This news release is available in German.
Information transmission at the synapse between neurons is a highly complex, but at the same time very fast, series of events. When a voltage change, the so-called action potential, reaches the synaptic terminal in the presynaptic neuron, calcium flows through voltage-gated calcium channels into the presynaptic neuron. This influx leads to a rise in the intracellular calcium concentration. Calcium then binds to a calcium sensor in the presynaptic terminal, which in turn triggers the release of vesicles containing neurotransmitters into the synapse. The released neurotransmitter binds to postsynaptic receptors, leading to a response in the postsynaptic neuron. The coupling between calcium channels and sensors of exocytosis is key in determining the speed, timing and probability of synaptic transmission. Two forms of coupling occur in the brain: in tight, or nanodomain" coupling, channels and sensors are located very close to each other, with 10 to 20 nm distance, while in loose, or microdomain" coupling, channel and sensor are further apart, in the region of around 100 nm. Previous research suggests that loose coupling occurs in synapses during early development, while tight coupling is observed in the mature central nervous system. In their current paper, Vyleta and Jonas ask whether, given the advantages of tight coupling including the speed, temporal precision, fidelity and energy efficiency of synaptic transmission any synapse in the mature central nervous system makes use of loose coupling? And if it does so, what are the consequences for the function of synaptic transmission?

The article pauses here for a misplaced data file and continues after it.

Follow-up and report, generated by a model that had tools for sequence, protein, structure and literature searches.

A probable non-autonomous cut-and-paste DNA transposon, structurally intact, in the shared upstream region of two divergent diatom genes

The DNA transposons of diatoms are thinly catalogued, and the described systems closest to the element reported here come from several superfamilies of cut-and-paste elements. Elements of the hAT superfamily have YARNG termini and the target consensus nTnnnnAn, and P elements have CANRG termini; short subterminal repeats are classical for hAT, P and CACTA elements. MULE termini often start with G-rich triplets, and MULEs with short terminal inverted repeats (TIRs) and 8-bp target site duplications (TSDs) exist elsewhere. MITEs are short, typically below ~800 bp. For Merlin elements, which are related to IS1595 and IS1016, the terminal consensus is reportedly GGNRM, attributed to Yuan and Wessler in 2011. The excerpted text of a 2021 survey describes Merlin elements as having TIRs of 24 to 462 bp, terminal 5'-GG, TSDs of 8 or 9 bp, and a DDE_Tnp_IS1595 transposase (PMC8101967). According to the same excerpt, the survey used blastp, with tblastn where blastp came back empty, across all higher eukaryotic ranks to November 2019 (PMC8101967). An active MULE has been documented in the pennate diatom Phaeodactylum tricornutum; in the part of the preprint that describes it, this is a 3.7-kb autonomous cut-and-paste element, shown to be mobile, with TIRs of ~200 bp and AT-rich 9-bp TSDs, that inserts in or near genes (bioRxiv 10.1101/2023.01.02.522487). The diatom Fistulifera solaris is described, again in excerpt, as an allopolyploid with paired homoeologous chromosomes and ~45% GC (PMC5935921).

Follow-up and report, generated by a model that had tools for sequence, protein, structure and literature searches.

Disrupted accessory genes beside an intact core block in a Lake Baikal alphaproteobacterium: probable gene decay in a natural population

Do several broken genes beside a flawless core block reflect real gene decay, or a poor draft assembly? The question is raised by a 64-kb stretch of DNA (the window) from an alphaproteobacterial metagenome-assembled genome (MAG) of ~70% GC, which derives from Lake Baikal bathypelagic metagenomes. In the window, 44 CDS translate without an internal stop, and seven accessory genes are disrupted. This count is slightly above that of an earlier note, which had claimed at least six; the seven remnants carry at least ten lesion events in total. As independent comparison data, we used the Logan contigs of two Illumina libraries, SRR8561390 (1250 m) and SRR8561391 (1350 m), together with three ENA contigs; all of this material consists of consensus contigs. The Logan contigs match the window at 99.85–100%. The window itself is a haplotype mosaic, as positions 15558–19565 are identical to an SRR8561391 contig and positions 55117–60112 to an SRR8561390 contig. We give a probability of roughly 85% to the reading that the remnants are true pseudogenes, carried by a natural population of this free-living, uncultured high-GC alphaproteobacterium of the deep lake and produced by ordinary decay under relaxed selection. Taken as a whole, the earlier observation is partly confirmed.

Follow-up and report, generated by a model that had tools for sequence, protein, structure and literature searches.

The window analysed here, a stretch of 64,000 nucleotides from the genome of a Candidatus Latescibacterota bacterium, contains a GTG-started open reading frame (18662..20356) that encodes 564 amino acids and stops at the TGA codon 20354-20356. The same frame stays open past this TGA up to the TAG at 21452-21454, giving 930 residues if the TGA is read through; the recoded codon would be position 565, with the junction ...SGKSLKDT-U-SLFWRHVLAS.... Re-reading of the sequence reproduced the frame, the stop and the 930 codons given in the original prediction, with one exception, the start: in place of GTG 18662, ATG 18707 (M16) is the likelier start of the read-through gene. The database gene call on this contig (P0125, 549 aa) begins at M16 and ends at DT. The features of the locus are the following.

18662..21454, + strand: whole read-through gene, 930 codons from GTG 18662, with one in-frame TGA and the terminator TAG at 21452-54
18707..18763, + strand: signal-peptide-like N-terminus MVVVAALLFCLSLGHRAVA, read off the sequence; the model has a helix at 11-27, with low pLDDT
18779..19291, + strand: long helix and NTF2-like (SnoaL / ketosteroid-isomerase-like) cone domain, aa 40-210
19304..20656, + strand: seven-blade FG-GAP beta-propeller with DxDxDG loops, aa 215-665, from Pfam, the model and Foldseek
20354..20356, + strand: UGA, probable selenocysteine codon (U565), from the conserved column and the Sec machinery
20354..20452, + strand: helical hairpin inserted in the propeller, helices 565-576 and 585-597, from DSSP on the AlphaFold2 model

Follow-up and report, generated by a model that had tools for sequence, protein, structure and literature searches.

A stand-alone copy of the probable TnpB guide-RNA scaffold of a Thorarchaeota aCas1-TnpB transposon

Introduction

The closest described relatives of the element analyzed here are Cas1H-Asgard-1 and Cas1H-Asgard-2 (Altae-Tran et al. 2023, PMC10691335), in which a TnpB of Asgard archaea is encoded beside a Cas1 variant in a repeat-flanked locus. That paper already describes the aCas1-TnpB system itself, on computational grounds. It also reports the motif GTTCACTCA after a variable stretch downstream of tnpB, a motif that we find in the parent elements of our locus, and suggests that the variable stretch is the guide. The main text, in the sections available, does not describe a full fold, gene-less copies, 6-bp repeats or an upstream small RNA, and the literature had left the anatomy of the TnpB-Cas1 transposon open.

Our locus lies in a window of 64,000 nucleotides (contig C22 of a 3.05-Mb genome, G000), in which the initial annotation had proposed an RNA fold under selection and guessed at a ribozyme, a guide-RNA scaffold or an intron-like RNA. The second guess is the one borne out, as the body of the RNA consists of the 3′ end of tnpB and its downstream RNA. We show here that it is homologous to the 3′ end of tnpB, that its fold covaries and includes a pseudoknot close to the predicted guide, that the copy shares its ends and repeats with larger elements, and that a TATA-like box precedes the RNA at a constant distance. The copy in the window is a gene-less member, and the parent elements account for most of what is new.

A specific synapse in the hippocampus, the mossy fiber synapse on CA3 pyramidal neurons, which is accessible to direct recording using the patch-clamp method and shows a high degree of plasticity, was the focus in this research (Figure). To investigate whether loose or tight coupling occurs in this synapse, Vyleta and Jonas made use of calcium chelators, which capture calcium ions on their way from the source to the sensor, to investigate the timescale and distance of coupling. If only the fast-acting chelator, BAPTA, can inhibit exocytosis and synaptic transmission, but the slow chelator EGTA cannot, tight coupling is at work, while in loose coupling, both fast and slow chelators can inhibit transmission. As both fast and slow chelators suppress transmission in the synapse under investigation, results suggest loose coupling between channels and sensors, with a mean coupling distance of around 75 nm.
Why does loose coupling, which is likely slower and has less fidelity than tight coupling, exist in the mossy fiber-pyramidal neuron synapse? Further results by Vyleta and Jonas show that due to loose coupling, fast endogenous calcium buffers in the synapse can act as a brake on transmission, controlling how likely the initial release of neurotransmitter is. Loose coupling provides the time frame for endogenous buffers to act on synaptic transmission. The saturation of endogenous buffers after repeated stimulation may also promote facilitation, the phenomenon in which impulses are more likely to generate action potentials when they closely follow a prior impulse.
The new findings challenge the view that loose coupling is a developmental phenomenon, demonstrating instead that coupling is regulated in a synapse-specific way. Loose coupling is predominantly used at dynamic and plastic synapses, both in the developing and the mature brain. Together with fast endogenous calcium buffers, loose channel-sensor coupling may provide the molecular framework for presynaptic plasticity, a hallmark of hippocampal neurons.
|Contact: Oliver Lehmann|
Institute of Science and Technology Austria